How Leather Is Made/Processed In The Tannery ... Step By Step
To help you understand your leather better, here's a quick guide through the tannery.
1. THE ABATTOIR
Once the hides are removed from the cow, they are cured by soaking them in a salt solution. This is to stop them from deteriorating and going rotten. After this process, they are sent to the tannery.
2. LEATHER HIDES WASHED AND CLEANED
The salt solutions is washed off the skins. Then a lime solution is used to disolve hair, dung and any excess flesh. And I can tell you by experience ... the smell in this department is horrific!
3. SORTING ACCORDING TO DEFECTS
The hides are sorted according to the amount of defects they may have such as scarring, tick marks, barb wire marks and holes. Upholstery leather requires larger areas of unblemished hide, whereas other leather products such as shoes, saddles etc can utilise the smaller pieces. This is the reason why upholstery leather gets premium prices.
4. SPLITTING THE HIDES INTO LAYERS
Leather skins are very thick, so what the tannery does is split them into 2 and sometimes 3 layers, by passing them through machine which has a long sharp blade. Once split, the top layer, is put aside for upholstery leathers because it is the toughest and most flexible split. Whereas, the bottom layers are used for shoes and other products, and I've seen them also appearing on outside backs and arms of leather furniture!
5. TANNING THE HIDES FOR DURATILITY
The permanently preserve the leather and improve durability, they are soaked in a rotating drum with a special chemical. This process is often termed as Chrome Tanning.
6. THE LEATHER IS GRADED AND SORTED
Once tanned, the hides are sorted and graded according to their size, imperfections and quality.
7. DYING OF THE LEATHER
At this point, the leather is reloaded into large rotating drum, which contains dyes, oils and other chemicals to improve the strength, fastness and firmness of the hides.
8. THE LEATHER IS FORCE DRIED
At this stage in the process, the leather is soaked. It is toggled and stretched onto frames and hung in a large drying room where it is dried.
9. THE LEATHER IS EMBOSSED
Many hides will have imperfections which are often filled, sanded smooth, then passed through large hot rollers to print an artificial texture or grain.
Corrected Grain Leather
If you have seen leather that has an even grain and looks a bit like vinyl, then the chances are, it has gone through this process. This type of leather is 'CORRECTED GRAIN' leather and an example is shown in the picture on the right.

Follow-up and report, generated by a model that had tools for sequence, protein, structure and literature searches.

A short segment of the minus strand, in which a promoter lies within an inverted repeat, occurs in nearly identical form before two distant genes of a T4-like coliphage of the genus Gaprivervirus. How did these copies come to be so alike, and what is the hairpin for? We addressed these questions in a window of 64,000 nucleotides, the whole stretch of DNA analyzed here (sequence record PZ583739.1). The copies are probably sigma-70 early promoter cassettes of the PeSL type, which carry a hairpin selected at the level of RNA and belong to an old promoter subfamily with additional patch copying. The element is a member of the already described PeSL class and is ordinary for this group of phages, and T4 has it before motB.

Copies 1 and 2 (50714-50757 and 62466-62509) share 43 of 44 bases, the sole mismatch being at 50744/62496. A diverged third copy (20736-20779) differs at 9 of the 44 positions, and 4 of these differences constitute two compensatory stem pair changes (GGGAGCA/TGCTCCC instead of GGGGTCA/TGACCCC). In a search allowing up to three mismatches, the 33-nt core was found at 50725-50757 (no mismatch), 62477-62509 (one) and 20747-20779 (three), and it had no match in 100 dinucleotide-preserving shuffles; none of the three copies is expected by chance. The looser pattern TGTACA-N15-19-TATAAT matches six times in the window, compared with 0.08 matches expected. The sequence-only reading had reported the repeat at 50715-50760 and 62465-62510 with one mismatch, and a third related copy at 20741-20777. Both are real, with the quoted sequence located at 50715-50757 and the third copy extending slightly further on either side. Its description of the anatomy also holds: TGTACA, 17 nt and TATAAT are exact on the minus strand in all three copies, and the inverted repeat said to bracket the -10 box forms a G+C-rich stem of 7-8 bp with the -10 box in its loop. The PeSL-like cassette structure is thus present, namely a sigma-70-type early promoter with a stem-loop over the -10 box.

Full Grain Leather
Now 'FULL GRAIN' leather, on the other hand, is where none of the above process has been done. This means the surface is a lot softer and will show more of the natural imperfections of the leather. Here's a picture showing an example.
10. THE LEATHER IS SOFTENED
The hides are, what is termed, 'dry-drummed'. Which means they a loaded into a large rotating drum and tumbled for several hours. This loosens the fibres and softens the hides..
11. THE HIDES ARE COLOURED
The leather is put through an automated finishing machine, which sprays on the desired colour. Normally several coats are applied.
12. LEATHER SEALER
Once the colour is applied, a clear sealer is sprayed on for added durability. The lustre of this coating can be adjusted to give a high gloss, satin, or dull finish. The sealer has waxes and modifiers added to give the leather its feel qualities.
The leather is finally graded according to quality, colour and weight. Each hide is then put through an automated measuring machine, to measure its area. Upholstery leather measures around 4.5 to 5 sqm.
Leather Hides Are Tested To Make Sure They Pass International Standards
A hide is randomly selected from a each batch of leather and undergo testing. The following are some of the major tests performed:
TEST 1:- Wet And Dry Rub Fastness
Upholstery leather should be able to stand up to normal use without the finish rubbing off. The rub fastness is tested by a machine where a piece of felt is rubbed back and forth against the leather. The felt must be able to rub across the leather a certain number of times without damaging the finish.
TEST 2:- Flexibility
A machine flexes a piece of leather thousands of times to simulate years of wear and tear. The leather is checked for cracking and splitting.
TEST 3:- Adhesion
The adhesion of the finish is tested by gluing a metal plate to a piece of leather. The force that is needed to remove the plate is measured.
TEST 4:- Tear Strength
The tear strength is tested by a machine that holds a piece of leather and pushes a metal probe into the leather. The amount of force needed to puncture the leather is measured.
TEST 5:- Abrasion
A piece of leather is put into a machine very similar to the one used to test rub fastness. Instead of using felt, a block with sandpaper is used.
Well, this is a quick overview of how leather is processed and, if you ever get a chance to go through a tannery, you will find it to be a fascinating place.
TEST 6:- Fade Resistance
A laboratory device is used to test the ability of the leather to resist fading.